Original URL path: http://blog.hmns.org/2009/03/just-another-day-at-the-office/ (2016-02-12)
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  • 100 Years – 100 Objects: Palikur Tribe Headdress | BEYONDbones
    behind the scenes curiosities we will post the image and description of a new object every few days This description is from Dirk the museum s curator of anthropology He s chosen a selection of objects that represent human cultures throughout time and around the world that we ll be sharing here and on hmns org throughout the year Amazonian tribes have made some of the world s most amazing feather work ornaments This headdress belonging to the Palikur tribe is symbolic of our growing world class collection of South American rainforest cultural artifacts Explore thousands of years of Native American history in the John P McGovern Hall of the Americas a permanent exhibition at the Houston Museum of Natural Science 0 0 0 This entry was posted in Anthropology and tagged amazon Amazonians Americas HMNS Native Americans Palikur Palikur tribe by Dirk Bookmark the permalink About Dirk As curator of anthropology Dirk is responsible for the museum s artifact collection and is involved in its temporary and permanent anthropology exhibits Dirk is an expert in human cultures he curates the Museum s Hall of the Americas and specializes in native American cultures like the Aztec and Maya View all

    Original URL path: http://blog.hmns.org/2009/03/100-years-100-objects-palikur-tribe-headdress/ (2016-02-12)
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  • On being prey.. | BEYONDbones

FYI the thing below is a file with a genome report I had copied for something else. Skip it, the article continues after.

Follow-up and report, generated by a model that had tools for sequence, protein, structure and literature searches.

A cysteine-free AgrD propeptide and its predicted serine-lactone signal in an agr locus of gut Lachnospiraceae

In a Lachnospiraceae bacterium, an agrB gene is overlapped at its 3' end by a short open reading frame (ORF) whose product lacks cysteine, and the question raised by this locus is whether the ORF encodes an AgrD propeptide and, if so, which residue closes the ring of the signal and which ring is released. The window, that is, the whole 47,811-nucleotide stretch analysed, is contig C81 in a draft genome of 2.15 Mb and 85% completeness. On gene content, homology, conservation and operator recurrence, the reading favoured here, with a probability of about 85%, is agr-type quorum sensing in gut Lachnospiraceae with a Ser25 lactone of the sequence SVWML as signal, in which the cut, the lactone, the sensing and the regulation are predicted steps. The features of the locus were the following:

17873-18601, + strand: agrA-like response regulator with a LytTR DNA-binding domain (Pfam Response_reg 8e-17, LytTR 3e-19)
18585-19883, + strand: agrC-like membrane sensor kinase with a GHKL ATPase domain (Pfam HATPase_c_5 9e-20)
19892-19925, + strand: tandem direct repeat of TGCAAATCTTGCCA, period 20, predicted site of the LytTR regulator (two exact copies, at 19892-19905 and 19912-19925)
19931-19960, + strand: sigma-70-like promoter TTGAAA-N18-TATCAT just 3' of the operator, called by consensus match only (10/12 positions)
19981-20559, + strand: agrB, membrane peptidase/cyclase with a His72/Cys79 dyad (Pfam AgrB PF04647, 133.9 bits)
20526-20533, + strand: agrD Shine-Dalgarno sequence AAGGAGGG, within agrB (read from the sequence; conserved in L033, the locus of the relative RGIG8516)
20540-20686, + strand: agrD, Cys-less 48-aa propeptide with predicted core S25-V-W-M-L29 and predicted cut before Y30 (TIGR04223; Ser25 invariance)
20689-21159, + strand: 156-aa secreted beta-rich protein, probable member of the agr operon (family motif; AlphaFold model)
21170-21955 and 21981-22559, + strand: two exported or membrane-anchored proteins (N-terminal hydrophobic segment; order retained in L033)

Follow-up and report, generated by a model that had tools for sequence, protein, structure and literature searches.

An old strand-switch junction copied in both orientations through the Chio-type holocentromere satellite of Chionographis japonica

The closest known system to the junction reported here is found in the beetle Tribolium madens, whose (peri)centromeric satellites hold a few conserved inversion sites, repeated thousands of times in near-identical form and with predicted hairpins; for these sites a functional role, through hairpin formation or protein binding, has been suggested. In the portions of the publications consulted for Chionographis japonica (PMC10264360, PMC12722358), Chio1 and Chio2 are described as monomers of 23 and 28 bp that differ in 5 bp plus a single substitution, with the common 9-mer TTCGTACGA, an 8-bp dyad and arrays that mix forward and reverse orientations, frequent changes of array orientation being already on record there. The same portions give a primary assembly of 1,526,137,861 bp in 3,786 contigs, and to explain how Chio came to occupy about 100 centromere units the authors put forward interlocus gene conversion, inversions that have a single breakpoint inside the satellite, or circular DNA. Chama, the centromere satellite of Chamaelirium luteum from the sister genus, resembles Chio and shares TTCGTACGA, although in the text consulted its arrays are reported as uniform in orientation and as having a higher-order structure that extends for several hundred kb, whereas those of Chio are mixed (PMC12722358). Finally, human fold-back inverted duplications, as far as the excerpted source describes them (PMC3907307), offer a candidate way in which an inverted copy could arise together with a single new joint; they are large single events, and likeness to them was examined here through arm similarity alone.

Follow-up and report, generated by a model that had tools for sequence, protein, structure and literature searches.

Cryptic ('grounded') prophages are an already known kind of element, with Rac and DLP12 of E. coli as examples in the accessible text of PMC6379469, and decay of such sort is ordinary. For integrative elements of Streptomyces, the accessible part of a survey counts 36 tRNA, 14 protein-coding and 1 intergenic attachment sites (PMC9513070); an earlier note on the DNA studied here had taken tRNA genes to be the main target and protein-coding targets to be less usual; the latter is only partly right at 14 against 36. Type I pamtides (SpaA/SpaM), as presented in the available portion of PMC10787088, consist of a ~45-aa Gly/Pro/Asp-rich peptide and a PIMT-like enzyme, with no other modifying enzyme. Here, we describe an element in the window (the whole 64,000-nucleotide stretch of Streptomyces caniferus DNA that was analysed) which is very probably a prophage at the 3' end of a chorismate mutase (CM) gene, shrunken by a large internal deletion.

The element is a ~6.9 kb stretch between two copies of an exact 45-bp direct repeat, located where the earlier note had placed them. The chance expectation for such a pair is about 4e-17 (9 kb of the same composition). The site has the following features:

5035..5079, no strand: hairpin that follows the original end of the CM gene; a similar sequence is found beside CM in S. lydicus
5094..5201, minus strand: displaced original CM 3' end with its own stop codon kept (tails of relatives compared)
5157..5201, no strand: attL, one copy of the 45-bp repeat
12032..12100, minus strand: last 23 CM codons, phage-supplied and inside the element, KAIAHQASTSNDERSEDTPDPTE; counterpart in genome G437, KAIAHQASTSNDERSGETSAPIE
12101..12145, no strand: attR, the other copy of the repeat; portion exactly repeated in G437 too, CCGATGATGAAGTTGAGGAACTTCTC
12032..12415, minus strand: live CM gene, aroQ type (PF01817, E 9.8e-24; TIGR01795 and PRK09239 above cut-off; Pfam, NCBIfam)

off more supplies Feeling sorry for the kid we had lunch with him and left him with some food and supplies We didn t have the size ammo he needed for his shotgun but we promised to relay the message to his headquarters that he was in dire need of supplies or being relieved by someone Brown Brocket photo by D M Brooks So when we got to La Gerenza we did relay the message only to have it fall on the deaf ears of the guards frisking the truck So we asked to speak with an officer in charge but got the typical mañana runaround Well not knowing what else to do we reluctantly pulled out of La Gerenza By then it was nightfall There were many brown brocket deer on the dirt road You could pick up their eye shine as they looked up into the truck headlights then they would look away eye shine disappeared then eye shine again for a moment until the little deer vanished as it entered the dark abyss of dry forest There were several deer encounters over the course of an hour or two Then there was one who didn t look away out of the truck s headlights just kept staring straight ahead and its eyes seemed to be further apart It was hard to see details from far away due to the road dust on this hot dry night But as we got closer I could barely make out the shoulder blade haunches on the back alternating up then down up then down advancing closer with a slow and stealthy strut As Jakob sped up the animal turned and sauntered into the forest We slowed down because we figured we had lost it Just as we got 20 30 feet away from the area where we saw it the animal s front half poked out of the forest onto the road I could see it was no deer at all but a jaguar It was hard to make out the details as there was much road dust everywhere blending in with the only beam of light that of the headlights surrounded by the pitch black of the forest that engulfed the dirt road on either side As soon as we realized what it was we jumped out of the truck I could hear the jaguar walking on dry leaves in the darkened abyss of the forest perhaps 10 15 feet from where I stood at the edge of the road As Jakob s door slammed shut I heard the jaguar make a quick whoosh sound like it was crouching Then it dawned on me that large cats often crouch before attacking their prey That s when I slowly slipped back into the passenger side of the truck Something overcame my body such that I involuntarily froze absolutely motionless Even though I could not see the jaguar I could feel it watching me as I sat there in its cold gripping